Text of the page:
Foo Fighters' No Son Of Mine is homage to Motörhead’s Lemmy
20 January 2021, 12:27 | Updated: 20 January 2021, 12:32
Foos' frontman Dave Grohl has explained how the Medicine At Midnight track became a tribute to the late Motörhead frontman.
Foo Fighters' No Son Of Mine single is a tribute to the late Motörhead frontman Lemmy.
Dave Grohl was a close friend of the late music icon, who passed away on 28 December 2015 at the age of 70, and he revealed how their new song came to represent the legend.
"An homage to the late, great Motorhead frontman, Lemmy," the Learn To Fly rocker told OK USA. "The song started out with this country swing to it, but then we decided for something a bit more aggressive, and it turned into these chunky riffs.
"I wish Lemmy were alive to hear it, because he would see how much an influence he's been to me."
Though many of Foo Fighters' plans have been scuppered due to the COVID-19 pandemic, Grohl teased that the band will "start getting out there soon" in some way.
Asked what their plans are for 2021, the Everlong singer replied: "We recently did a show at the Troubadour in LA. with no one there, just our road crew. I remember thinking, 'Wow, this is going to feel kind of empty and hollow and strange', but it felt so good just to be with the band and a microphone and perform with our instruments again.
"We're going to start getting out there soon in ways that other people might not be doing, but the stadiums and arenas, not yet."
While No Son Of Mine was inspired by Lemmy, Grohl recently explained why the band's Waiting On A War single was inspired by his 11-year-old daughter Harper.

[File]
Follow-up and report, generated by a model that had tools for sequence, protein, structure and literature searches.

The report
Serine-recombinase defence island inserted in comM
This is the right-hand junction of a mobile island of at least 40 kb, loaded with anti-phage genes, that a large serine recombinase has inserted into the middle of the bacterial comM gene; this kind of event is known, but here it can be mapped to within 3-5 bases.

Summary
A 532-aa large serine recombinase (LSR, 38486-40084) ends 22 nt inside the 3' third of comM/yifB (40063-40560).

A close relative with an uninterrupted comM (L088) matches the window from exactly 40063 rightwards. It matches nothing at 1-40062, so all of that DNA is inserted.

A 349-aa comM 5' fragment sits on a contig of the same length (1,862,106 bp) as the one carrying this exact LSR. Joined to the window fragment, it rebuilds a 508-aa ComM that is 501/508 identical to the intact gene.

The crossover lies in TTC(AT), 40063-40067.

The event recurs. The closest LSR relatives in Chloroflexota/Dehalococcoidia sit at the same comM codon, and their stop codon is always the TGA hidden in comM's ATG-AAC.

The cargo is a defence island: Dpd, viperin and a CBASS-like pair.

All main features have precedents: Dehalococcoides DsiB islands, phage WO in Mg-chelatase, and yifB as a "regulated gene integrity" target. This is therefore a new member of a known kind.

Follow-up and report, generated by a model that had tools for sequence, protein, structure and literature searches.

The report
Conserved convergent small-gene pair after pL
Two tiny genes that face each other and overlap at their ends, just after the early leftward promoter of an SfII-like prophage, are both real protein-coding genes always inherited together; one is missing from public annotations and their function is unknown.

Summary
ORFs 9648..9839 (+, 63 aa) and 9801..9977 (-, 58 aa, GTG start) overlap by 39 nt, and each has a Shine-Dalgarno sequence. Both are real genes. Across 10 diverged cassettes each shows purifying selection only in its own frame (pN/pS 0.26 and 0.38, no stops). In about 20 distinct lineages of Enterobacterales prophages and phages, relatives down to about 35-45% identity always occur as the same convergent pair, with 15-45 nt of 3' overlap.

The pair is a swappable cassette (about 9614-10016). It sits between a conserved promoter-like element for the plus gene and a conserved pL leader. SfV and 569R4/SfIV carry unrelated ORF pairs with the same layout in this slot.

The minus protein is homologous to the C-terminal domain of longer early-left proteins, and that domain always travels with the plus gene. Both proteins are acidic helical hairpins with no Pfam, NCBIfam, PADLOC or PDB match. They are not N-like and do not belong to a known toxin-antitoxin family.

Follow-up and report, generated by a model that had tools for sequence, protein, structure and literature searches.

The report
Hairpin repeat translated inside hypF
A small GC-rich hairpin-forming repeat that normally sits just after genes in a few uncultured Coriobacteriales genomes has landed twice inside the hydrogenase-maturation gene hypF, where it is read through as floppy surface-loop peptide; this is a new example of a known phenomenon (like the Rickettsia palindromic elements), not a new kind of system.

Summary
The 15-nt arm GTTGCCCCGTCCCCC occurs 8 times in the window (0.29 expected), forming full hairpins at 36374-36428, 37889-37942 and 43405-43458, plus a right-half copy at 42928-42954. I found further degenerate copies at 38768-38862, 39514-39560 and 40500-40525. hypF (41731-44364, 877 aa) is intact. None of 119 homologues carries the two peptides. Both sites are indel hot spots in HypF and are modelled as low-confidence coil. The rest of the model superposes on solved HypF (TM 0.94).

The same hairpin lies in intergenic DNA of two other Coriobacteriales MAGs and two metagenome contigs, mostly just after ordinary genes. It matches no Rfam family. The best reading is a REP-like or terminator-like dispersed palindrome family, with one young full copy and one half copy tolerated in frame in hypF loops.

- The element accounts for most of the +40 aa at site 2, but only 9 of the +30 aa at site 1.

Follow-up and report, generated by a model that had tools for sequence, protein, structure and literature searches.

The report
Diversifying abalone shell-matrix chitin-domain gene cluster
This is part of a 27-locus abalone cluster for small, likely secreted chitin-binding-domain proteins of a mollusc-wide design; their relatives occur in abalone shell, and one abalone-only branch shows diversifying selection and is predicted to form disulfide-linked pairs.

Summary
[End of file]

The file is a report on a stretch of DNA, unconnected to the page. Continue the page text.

Taking to Twitter he wrote: The Foos frontman took to Twitter to share his inspiration for the song in a post, which began: "As a child growing up in the suburbs of Washington DC, I was always afraid of war. I had nightmares of missiles in the sky and soldiers in my backyard, most likely brought upon by the political tension of the early 1980’s and my proximity to the Nation’s Capitol.My youth was spent under the dark cloud of a hopeless future."
Listen to the track here:
He continued: "Last fall, as I was driving my 11 year old daughter to school she turned to me and ashed, "Daddy, is there going to be a war?" My heart sank in my chest as I looked into her innocent eyes, because I realized that she was now living under that same dark cloud of a hopeless future that I had felt 40 years ago.
"I wrote 'Waiting On a War" that day.
"Everyday waiting for the sky to fall. Is there more to this than that? Is there more to this than just waiting on a war? Because I need more. We all do.
"This song was written for my daughter, Harper, who deserves a future, just as every child does.